Last edited:
I don't understand your notation. Please give your notation for the spacetime four-vector (standard is ##(x^{\mu})=(t,x,y,z)## (with ##c=1##) and also ##(A^{\mu})=(\Phi,\vec{A})##.

So to write down in the conventional form we have:

A^{\mu} = (f(t+y), f(t+y), 0, 0) = (\Phi, A)

So you have
$$\partial_{\mu} A^{\mu}=\dot{f}(t+y)$$
If you now want a new four-potential such that the Lorenz gauge condition ##\partial_{\mu} A^{\prime '}=0## is fulfilled you make
$$A_{\mu}'=A_{\mu} + \partial_{\mu} \chi$$
and
$$\partial^{\mu} A_{\mu}' = \dot{f}(t+y)+\Box \chi=0 \; \Rightarrow \; \Box \chi=-\dot{f}(t+y),$$
which you can solve with, e.g., the retarded Green's function of the d'Alembert operator.

## What is the 4-current vector potential transformation under gauge fixing?

The 4-current vector potential transformation under gauge fixing refers to the procedure in electromagnetism where the vector potential $$A_\mu$$ is modified by a gauge transformation to simplify the equations of motion or to satisfy certain conditions (gauge conditions). This is often done to make calculations more manageable or to impose certain physical constraints.

## Why is gauge fixing necessary in electromagnetism?

Gauge fixing is necessary in electromagnetism to remove the redundancy in the description of the electromagnetic field. The potentials $$A_\mu$$ are not uniquely determined by the physical fields $$E$$ and $$B$$; they can be transformed without changing the physical fields. Gauge fixing imposes additional conditions to uniquely determine the potentials, simplifying the mathematical treatment and ensuring a unique solution to the equations of motion.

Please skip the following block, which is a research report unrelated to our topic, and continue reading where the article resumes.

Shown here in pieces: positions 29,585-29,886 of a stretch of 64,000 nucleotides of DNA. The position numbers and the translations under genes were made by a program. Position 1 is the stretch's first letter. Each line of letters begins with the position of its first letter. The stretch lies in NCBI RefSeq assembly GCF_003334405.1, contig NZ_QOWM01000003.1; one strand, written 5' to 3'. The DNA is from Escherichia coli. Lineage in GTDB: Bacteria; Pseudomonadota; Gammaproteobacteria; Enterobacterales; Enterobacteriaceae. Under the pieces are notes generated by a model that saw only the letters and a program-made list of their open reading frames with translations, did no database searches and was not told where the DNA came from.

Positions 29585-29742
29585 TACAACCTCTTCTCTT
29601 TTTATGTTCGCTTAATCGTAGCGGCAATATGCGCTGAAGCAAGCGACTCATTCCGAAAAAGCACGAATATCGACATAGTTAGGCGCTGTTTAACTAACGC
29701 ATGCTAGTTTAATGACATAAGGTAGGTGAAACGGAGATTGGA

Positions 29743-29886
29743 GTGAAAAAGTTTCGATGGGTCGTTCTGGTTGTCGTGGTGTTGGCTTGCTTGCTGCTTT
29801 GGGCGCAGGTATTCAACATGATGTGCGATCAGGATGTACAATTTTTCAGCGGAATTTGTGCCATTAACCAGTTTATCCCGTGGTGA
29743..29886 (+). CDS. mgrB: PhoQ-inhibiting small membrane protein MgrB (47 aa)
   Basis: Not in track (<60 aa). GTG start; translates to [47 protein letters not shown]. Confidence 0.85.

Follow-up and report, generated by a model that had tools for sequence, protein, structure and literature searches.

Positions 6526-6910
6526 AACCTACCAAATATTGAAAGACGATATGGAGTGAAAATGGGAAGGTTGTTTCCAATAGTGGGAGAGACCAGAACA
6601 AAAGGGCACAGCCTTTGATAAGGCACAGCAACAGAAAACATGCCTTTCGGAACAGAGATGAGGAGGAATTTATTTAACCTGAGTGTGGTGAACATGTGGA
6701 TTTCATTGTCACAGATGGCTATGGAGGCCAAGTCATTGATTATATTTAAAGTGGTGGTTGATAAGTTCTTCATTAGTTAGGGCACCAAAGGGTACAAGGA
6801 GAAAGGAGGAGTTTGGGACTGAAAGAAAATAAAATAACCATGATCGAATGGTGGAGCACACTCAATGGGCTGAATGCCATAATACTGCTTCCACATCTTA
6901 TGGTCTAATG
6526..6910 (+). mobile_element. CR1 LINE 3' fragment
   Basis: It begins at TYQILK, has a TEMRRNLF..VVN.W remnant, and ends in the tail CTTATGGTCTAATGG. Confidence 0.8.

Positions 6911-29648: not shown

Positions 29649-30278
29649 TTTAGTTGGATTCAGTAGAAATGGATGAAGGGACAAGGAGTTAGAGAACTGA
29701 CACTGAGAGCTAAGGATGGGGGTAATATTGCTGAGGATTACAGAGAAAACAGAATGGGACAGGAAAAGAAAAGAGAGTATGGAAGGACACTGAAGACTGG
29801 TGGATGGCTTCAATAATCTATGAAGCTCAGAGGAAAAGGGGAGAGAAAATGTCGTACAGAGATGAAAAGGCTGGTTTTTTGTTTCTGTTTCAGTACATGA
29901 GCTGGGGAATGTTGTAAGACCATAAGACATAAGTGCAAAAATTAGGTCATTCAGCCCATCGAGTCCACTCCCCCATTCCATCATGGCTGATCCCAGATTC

## What are common gauge choices used in gauge fixing?

Common gauge choices include the Lorenz gauge, where $$\partial^\mu A_\mu = 0$$, and the Coulomb gauge, where $$\nabla \cdot \mathbf{A} = 0$$. Each gauge has its advantages depending on the problem being solved. The Lorenz gauge is often used in relativistic formulations, while the Coulomb gauge is frequently used in non-relativistic quantum mechanics and in problems involving static fields.

## How does gauge fixing affect the physical observables of a system?

Gauge fixing does not affect the physical observables of a system, such as the electric and magnetic fields. These fields are gauge-invariant, meaning they do not change under a gauge transformation. Gauge fixing only affects the potentials $$A_\mu$$, which are used as intermediate steps in calculations but do not directly correspond to physical observables.

## Can gauge fixing be applied in quantum field theory?

Yes, gauge fixing is crucial in quantum field theory (QFT). In QFT, gauge fixing is used to handle the redundant degrees of freedom associated with gauge symmetries, allowing for a well-defined quantization procedure. The Faddeev-Popov procedure is a common method used to introduce gauge fixing in the path integral formulation of QFT, ensuring that the theory remains consistent and free of divergences due to gauge redundancy.